Painting Lessons with David - Printed Books - Rosemaling - JansenArt Store
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lesson-4-valdres-in-gold-cat22.jpgA Note from David,

Early Rosemalers were always updating their styles to what was popular at the time.  Today, we can look back and clearly see the evolution of the designs.  For example, Ole Halstensen Sjoli updated the Osterdalen style through the Rococo, Louis XVI and Empire periods.  He created many variations of Osterdalen.  After his death in 1827, the style all but disappeared.  Fresh ideas and creativity are necessary to keep painting styles alive.  Designs and styles move from one extreme to the other.  For example, the fluid, fanciful style of the Rococo and Louis XVI era was followed by the strict lines of the Empire and Regency.  Styles reversed again during the Impressionist movement of the later 19th century.   So what was popular in one era, the opposite style is bound to become popular again in another design period.  Change!

When I started to paint in the 1970s, the styles were painted freehand, without a pattern.  By the time bottle acrylics arrived in the 1980s, the styles had become precise, mechanical, and symmetrical.  Perfect side loads and detailed line work were considered the mark of a professional, especially in the American Rogaland style made popular by my friend and mentor Gary Albrecht. I studied and perfected my mechanics, concentrating on stroke blending and perfect lines.  Then trend changed in the early 2000s  and the decorative painting market started to collapse.  People change and art needs to change too.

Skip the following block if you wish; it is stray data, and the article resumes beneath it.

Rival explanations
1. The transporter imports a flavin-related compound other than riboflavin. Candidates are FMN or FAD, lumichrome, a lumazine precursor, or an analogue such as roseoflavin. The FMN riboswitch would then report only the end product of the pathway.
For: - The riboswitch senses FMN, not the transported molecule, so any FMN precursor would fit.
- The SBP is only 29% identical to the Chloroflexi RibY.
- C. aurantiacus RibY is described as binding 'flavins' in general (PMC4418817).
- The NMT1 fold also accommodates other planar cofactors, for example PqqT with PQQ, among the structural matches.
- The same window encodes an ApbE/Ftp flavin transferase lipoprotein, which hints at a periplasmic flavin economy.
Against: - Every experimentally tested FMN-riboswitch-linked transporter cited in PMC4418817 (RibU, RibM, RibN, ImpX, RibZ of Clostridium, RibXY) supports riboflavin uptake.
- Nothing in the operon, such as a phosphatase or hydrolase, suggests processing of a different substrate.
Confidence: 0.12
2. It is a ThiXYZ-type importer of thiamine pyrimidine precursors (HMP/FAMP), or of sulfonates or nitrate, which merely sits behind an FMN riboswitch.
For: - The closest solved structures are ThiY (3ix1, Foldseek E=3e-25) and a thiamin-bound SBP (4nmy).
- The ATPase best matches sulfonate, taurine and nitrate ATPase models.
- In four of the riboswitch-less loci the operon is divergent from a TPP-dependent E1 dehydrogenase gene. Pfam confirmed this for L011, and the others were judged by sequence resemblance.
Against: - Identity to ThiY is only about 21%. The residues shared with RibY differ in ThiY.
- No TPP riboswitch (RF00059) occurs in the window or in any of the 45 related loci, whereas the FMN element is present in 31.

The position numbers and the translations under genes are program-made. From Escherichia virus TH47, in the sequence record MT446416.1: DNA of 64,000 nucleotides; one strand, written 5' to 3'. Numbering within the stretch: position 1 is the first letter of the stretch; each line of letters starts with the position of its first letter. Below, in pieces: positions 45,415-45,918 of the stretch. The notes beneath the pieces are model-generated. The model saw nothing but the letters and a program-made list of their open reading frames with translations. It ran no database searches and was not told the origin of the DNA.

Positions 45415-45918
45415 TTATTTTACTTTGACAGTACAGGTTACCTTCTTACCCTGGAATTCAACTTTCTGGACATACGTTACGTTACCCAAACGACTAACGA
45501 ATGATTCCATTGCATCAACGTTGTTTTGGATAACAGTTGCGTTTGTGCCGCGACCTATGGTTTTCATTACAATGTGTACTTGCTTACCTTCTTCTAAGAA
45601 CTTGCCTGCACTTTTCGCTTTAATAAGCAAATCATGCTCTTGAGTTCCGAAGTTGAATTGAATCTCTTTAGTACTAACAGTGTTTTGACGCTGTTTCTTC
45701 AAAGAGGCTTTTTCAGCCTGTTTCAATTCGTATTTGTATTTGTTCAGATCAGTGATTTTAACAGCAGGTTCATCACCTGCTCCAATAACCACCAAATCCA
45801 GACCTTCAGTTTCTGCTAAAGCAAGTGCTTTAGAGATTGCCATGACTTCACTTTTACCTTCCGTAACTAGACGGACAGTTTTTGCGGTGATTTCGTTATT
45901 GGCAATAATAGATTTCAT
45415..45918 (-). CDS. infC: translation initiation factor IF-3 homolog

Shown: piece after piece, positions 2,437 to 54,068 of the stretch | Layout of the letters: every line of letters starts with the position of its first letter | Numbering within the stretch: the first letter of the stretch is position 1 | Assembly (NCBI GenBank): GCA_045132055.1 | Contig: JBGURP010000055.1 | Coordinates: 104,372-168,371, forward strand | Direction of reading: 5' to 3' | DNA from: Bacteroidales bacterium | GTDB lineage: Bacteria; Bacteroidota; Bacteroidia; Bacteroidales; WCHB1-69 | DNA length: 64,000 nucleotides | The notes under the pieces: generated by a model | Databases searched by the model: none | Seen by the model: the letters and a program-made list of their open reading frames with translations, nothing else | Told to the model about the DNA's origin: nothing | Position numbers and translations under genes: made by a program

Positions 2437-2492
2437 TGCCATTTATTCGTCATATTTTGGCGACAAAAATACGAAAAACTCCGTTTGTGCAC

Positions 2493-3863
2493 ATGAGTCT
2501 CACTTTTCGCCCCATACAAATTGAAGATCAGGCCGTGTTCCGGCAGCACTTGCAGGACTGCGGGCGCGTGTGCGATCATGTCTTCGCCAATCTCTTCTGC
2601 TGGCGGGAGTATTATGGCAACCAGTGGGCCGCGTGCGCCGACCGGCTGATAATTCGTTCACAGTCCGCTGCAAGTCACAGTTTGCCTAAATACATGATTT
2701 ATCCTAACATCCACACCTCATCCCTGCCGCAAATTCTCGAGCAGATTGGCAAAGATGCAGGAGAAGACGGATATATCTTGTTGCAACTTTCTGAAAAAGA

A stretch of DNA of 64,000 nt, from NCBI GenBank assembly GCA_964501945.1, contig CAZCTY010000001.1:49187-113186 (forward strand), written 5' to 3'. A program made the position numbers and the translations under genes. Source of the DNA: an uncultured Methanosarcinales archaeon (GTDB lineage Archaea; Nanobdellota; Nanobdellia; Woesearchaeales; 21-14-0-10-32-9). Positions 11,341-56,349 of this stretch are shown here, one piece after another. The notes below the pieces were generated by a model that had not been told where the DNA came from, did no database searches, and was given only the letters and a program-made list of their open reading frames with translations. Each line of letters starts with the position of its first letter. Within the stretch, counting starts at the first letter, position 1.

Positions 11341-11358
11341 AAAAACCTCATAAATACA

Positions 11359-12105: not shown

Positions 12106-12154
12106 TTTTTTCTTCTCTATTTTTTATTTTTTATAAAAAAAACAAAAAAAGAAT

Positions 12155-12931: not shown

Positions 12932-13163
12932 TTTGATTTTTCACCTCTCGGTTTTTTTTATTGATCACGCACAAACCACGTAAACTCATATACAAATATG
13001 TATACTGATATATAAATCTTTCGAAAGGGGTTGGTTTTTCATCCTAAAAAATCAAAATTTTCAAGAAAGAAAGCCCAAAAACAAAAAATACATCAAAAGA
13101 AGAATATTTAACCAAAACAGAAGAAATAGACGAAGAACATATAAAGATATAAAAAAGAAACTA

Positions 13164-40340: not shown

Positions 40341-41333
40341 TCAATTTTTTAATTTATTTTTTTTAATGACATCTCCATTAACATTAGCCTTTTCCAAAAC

With this in mind, I have begun to relax the lines in Rosemaling.  I created “casual” styles of painting.  I switched from stiff synthetic brushes to the softer fusion brushes. These synthetic squirrel hair brushes do not allow precise strokes.  Squirrel and cow hair brushes are the earliest brushes used in Rosemaling.  I returned to painting freehand and limited my palette colors.  The majority of my students embraced this new method.  It takes  practice and courage to paint freehand, but  it is the key to making the style grow and change.  Today, for me, the structure of the 90s has given way to more casual interpretations.  Not everyone will agree, but not everyone likes orange either!  

So, we now have a special section of Rosemaling in our store.  This is dedicated to updating new looks for Rosemaling.  More than anything, it represents change and evolution of this magical style which is such a large part of our family history.  I hope you will join us on this historically based, contemporary look at these styles.